we had friends over for dinner a few weeks ago. it was a sunday which you know we do not entertain as great days to have people over, but we longed to be with these friends, not only because we love them and miss them, but also because we knew they were in a bit of pain as they suffered through some bad health news for their family.
i had the crock pot yumminess brewed. i had the tastiest bread trader joes had to offer and some homemade apple pie to sugar their worries away. as we sat at the table to talk and catch up, to care for one another and to rejoice in this friendship that we had come upon so coincidentally, but that had been food for my soul for so long, we wondered where to begin…
“excuse me, sometimes when i go potty it hurts right here in my bum.” hazel has decided that it is best for her to start us off as she had something pressing she wanted to share with these our deep friends. we all started cracking up and the dad of the family we had invited into our home for comfort says, “yeah that happens to me sometimes too:)” pleased that our longtime friend occasionally felt the burden of constipation, she moved on.
there are times when i think that i know exactly how to care for a friend in need and there are others when i have no idea, but the important thing is to try. i remember when i was bedridden for the first 17 weeks of my first pregnancy one of my friends brought her baby over and lifted it up and said, “THIS. This is worth it in the end.” she didn’t tell me to “let go and let God” (she may have seen the tombstone to the last friend to offer such helpful advice). instead she reminded me that it was for a purpose. she did not tell me to try ginger, accupressure, acupuncture, massage or prayer. she saw me in my bed in clothes i had been wearing for who knows how long. she saw me unable to move to greet her, and so she reminded me that it was not all for nothing. she saw me.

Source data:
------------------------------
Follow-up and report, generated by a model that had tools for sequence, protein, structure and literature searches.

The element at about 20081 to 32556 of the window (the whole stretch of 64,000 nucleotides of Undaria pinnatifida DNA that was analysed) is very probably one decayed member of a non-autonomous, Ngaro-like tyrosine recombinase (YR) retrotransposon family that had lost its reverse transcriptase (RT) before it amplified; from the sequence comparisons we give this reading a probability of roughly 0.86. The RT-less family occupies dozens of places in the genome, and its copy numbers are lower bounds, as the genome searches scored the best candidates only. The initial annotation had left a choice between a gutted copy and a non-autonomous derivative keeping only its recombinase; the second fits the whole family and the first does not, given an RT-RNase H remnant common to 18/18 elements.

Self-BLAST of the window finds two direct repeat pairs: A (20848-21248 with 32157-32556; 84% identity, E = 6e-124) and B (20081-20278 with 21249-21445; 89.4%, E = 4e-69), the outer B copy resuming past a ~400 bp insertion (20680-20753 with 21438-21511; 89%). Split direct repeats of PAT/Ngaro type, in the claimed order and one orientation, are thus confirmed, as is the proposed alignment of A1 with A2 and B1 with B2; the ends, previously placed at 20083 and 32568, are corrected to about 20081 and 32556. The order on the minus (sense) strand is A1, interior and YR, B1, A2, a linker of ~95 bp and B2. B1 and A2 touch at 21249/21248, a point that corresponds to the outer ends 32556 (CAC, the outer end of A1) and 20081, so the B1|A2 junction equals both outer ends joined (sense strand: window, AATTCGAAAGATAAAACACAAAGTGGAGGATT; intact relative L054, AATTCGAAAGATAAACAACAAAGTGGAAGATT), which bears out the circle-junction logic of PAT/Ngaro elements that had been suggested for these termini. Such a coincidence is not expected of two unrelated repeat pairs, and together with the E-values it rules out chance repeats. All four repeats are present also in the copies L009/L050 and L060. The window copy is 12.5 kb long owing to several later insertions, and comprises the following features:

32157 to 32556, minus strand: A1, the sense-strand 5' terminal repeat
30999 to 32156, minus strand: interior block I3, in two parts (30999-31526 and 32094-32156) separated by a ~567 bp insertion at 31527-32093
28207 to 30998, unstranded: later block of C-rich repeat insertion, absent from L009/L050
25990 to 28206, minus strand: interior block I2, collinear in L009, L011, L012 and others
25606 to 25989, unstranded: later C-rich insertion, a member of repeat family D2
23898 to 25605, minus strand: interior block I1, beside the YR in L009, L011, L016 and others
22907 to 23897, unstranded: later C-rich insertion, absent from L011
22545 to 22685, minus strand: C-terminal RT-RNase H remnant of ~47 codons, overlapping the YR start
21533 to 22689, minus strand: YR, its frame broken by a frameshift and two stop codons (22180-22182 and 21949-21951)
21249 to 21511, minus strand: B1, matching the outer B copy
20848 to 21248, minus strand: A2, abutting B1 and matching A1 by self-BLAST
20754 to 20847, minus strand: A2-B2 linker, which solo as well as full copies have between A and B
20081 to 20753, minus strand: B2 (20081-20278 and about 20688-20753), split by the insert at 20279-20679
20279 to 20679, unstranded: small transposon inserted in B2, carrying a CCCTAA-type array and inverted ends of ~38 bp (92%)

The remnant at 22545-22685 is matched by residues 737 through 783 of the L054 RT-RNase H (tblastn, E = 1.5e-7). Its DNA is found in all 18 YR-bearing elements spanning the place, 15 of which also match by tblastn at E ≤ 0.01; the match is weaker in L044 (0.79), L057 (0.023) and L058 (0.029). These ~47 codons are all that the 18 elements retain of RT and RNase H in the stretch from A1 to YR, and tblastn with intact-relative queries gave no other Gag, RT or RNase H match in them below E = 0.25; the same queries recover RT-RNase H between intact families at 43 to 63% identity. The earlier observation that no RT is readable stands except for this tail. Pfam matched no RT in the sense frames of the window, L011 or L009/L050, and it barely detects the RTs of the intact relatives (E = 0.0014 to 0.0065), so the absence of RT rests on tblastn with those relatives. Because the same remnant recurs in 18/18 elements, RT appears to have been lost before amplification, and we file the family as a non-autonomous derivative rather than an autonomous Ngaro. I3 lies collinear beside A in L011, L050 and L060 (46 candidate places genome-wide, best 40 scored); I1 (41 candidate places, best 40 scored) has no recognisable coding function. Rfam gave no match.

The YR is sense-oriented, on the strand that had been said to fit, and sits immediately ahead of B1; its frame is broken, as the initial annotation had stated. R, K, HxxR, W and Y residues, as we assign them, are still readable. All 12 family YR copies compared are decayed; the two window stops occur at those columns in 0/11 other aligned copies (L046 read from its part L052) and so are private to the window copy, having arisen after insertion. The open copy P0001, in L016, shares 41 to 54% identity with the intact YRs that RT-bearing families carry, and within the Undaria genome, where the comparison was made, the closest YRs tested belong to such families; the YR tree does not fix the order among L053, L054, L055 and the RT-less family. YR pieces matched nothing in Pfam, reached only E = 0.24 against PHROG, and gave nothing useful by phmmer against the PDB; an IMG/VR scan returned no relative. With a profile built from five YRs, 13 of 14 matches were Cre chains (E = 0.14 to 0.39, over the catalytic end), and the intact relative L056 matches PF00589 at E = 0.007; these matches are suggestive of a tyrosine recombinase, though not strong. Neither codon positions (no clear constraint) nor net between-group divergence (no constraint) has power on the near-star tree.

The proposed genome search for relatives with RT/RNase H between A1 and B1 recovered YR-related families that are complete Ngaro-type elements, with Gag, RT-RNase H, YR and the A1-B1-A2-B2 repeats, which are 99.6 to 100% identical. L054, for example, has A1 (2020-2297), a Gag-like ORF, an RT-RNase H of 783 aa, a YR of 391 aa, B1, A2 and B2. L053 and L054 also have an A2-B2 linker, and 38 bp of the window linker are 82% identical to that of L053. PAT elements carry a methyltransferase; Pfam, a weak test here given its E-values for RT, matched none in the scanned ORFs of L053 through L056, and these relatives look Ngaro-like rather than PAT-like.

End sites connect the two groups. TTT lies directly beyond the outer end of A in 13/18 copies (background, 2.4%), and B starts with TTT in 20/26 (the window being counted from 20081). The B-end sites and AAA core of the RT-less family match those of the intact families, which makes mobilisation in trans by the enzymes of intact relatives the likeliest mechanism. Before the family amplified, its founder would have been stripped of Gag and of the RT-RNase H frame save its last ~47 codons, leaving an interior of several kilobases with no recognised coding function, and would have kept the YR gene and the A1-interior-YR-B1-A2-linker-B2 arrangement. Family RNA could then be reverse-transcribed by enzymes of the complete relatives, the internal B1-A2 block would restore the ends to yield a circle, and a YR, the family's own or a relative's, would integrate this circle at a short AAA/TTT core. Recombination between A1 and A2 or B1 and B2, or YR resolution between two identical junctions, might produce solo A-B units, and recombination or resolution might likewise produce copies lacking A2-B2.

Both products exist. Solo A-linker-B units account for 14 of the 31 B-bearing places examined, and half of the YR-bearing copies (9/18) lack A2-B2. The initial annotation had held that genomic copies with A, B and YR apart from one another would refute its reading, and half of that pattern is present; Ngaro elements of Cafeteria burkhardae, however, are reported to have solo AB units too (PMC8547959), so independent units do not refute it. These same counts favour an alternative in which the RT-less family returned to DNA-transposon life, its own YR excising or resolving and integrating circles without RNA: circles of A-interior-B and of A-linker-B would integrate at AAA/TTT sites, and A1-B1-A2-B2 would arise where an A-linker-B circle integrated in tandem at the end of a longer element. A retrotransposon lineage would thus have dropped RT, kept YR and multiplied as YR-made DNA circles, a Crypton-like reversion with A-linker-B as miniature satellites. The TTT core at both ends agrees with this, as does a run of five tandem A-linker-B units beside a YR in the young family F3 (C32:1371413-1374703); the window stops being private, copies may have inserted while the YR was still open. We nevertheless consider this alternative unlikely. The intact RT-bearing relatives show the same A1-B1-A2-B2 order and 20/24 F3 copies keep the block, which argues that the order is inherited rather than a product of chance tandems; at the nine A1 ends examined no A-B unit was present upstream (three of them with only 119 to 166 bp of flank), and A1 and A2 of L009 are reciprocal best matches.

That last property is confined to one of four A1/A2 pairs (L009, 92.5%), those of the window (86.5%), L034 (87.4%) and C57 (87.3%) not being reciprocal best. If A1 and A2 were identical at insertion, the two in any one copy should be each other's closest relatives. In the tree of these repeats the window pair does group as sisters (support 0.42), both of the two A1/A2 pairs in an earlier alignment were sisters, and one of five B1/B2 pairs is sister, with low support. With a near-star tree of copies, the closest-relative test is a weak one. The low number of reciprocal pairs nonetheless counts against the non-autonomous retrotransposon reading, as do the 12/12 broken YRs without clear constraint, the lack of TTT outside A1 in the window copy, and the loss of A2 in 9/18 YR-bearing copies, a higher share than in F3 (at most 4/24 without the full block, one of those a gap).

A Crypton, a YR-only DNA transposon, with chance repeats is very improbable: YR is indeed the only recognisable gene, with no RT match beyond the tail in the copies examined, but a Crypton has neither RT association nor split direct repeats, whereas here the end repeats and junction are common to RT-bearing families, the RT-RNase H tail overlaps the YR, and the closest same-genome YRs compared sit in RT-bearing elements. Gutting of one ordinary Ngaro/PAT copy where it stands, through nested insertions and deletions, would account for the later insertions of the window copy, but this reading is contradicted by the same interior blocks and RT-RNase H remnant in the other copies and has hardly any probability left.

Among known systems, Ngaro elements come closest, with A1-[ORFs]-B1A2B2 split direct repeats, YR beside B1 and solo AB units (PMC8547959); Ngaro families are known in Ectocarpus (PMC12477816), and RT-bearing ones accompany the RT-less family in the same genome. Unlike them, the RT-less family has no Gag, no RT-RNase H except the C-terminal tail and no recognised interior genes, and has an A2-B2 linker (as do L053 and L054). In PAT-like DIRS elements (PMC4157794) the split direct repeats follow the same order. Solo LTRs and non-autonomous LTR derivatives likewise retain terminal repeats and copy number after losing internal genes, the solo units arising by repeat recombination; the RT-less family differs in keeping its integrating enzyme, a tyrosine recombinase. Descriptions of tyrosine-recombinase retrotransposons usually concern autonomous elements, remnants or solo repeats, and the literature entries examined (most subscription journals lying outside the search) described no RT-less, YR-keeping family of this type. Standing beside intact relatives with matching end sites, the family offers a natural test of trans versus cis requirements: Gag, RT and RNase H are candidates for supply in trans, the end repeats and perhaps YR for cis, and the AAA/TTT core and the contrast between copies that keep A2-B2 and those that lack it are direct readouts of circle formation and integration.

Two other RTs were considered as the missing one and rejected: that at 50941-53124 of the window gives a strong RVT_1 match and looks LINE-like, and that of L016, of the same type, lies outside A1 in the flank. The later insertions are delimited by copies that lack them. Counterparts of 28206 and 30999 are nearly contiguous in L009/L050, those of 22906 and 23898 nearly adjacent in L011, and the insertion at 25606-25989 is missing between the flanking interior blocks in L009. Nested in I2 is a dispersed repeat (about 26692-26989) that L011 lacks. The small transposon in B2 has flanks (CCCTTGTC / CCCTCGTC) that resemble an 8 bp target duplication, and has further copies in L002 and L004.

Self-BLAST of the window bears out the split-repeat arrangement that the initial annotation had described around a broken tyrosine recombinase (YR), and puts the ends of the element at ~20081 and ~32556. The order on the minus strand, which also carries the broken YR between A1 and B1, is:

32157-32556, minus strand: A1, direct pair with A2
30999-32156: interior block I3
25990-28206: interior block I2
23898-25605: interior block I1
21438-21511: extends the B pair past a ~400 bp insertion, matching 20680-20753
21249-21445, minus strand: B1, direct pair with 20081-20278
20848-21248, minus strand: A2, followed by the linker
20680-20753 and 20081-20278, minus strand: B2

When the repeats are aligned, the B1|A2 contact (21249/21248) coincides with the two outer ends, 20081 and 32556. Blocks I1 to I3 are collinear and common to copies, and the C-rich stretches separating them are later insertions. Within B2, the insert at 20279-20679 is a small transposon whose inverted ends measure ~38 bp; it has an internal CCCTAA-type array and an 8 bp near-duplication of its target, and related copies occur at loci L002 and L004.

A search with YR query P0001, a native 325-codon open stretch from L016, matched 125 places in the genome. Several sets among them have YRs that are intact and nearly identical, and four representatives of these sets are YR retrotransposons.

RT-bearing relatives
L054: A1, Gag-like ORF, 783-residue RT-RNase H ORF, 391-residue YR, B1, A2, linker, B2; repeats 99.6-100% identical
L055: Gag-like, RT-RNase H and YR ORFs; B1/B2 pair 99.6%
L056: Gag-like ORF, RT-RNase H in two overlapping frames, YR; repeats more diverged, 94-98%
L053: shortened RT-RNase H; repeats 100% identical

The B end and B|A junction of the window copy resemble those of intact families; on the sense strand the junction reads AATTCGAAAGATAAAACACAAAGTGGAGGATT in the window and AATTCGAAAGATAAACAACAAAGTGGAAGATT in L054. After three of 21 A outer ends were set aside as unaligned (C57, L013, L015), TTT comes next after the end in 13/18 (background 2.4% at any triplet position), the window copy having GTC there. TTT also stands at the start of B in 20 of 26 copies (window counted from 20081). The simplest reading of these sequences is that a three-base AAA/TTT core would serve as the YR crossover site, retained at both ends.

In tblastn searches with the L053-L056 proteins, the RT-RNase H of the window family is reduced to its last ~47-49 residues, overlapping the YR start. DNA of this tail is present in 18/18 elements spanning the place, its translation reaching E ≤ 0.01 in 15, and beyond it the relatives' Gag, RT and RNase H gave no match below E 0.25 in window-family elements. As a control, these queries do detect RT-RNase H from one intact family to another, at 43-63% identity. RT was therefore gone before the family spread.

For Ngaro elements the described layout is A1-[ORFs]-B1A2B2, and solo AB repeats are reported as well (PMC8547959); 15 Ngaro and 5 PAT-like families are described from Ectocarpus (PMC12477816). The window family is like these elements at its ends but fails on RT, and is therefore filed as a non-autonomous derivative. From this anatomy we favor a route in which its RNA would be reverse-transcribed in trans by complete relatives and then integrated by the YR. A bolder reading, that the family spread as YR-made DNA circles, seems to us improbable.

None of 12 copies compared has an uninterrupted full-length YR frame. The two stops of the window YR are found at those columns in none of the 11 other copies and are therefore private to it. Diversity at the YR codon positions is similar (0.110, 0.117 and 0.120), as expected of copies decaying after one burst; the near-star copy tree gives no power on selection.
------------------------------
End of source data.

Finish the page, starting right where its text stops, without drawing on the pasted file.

it amazes me in this fast paced multitasking world how many people want to check off caring for someone they know is hurting without actually approaching the wounded. to the best of your ability i dare you to see the people who need you, and to take it in. to really see them. sit with them and ask them the question that may take awhile to answer. let them cry without talking about it. sit with them and be willing to enter that which is not your favorite simply because they are one of your favorites. don’t fix it, don’t minimize it and don’t relate it to a time when you were in similar pain. let it be uniquely theirs and let it be. sit with them in it so they know they are not alone and that this is not the end of the story. and if the silence gets to be overwhelming, invite hazel over for some deep thoughts.